Education

‘Once a Bruin, always a Bruin.’ Bayshore students reflect on the journey to graduation

Bayshore Principal Wendell Butler congratulates the Class of 2019

Quoting Martin Luther King Jr. on Friday evening, the principal of Bayshore High School told graduates to be a light in the world.
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Quoting Martin Luther King Jr. on Friday evening, the principal of Bayshore High School told graduates to be a light in the world.

Three seniors at Bayshore High School overcame their fear of the unknown, finding the strength to earn a diploma and speak at Friday night’s graduation ceremony.

Darialy Alvarez was born in Cuba, and though she was surrounded by social and economic hardships, she also had a mother who knew the value of hope. Her mother always looked to the future, and she helped Alvarez do the same.

“If I was to stay in Cuba, I would have never gotten the education I would have liked,” she said. “I wouldn’t have been given so many opportunities. I wouldn’t be able to speak up for what I believe.”

They eventually moved to Bolivia in search of greater freedoms and opportunities. Alvarez adapted to a new environment and culture, and though life was better, her mother continued to dream. She followed that dream to the United States.

After living in Miami for several years, Alvarez and her mother moved once more. They landed in Bradenton, and despite her fear of unfamiliar faces, Alvarez found the opportunity she desired at Bayshore.

Fighting back tears at the Bradenton Area Convention Center on Friday evening, she expressed how proud she was of her fellow seniors and urged them to never stop dreaming.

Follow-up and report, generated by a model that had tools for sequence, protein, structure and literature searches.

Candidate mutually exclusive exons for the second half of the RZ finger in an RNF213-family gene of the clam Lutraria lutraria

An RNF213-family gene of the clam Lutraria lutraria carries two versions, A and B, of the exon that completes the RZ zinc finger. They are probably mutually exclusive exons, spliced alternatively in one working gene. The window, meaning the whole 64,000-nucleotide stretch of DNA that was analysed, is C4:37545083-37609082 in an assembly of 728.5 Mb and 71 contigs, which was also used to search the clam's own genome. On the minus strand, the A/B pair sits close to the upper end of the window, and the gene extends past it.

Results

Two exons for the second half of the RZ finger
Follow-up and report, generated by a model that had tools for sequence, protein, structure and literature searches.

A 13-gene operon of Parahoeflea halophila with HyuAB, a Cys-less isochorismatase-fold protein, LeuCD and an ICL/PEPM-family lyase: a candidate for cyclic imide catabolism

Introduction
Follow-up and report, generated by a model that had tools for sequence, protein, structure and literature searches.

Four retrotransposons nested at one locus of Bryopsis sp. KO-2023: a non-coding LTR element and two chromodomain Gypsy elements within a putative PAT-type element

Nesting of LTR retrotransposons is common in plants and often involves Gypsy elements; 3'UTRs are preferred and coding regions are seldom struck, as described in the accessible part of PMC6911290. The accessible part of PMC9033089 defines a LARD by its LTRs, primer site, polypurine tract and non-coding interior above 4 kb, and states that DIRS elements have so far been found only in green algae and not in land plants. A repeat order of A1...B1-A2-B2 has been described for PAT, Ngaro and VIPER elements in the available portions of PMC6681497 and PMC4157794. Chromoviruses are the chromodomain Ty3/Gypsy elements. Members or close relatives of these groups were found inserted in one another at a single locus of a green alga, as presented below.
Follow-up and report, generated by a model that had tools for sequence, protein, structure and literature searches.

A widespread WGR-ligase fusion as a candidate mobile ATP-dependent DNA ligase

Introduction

“Try to be open-minded to ideas and be the change this world needs to see,” Alvarez said to the crowd of 280 graduates.

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Raneya Kelly, one of nearly 300 seniors at Bayshore High School’s graduation, takes her big walk at the Bradenton Area Convention Center on May 17, 2019. Giuseppe Sabella gsabella@bradenton.com

Graduating senior Daniel Haley made an unexpected move when his family traveled across town, away from the high school his brother attended, and into the zone for Bayshore. Haley knew few people in the area, and he knew even less about the school.

“I walked around for at least 10 minutes, hopelessly looking for a friend until I found someone I knew from football,” he said. “It’s crazy to think how many people I’ve met and how many friends I’ve made since then.”

Learning your weaknesses, he said, is just as important as finding your strengths. After studying calculus, he found that civil engineering might be the wrong career path, but he discovered a talent for music, athletics and other areas of study.

While he was reluctant to attend the school at first, he enjoyed opportunities that only Bayshore could provide.

“Don’t make excuses and blame others for your lack of success,” he said. “Everyone has setbacks and hardships, but what makes people successful is the ability to push through adversity, stay positive and learn from their mistakes.”

Gabriela Guardiola, another Cuban immigrant, moved to the U.S. when she was 2 years old. Her family sought a better life, and no life is without hardships, laughter and growth. She experienced it all with the students at Bayshore.

She encouraged fellow graduates to set goals, acknowledge their fears and persevere. Friday was the last time they enjoyed a room together, but their shared experience would last a lifetime.

“Never forget your roots,” she said. “Once a Bruin, always a Bruin.”

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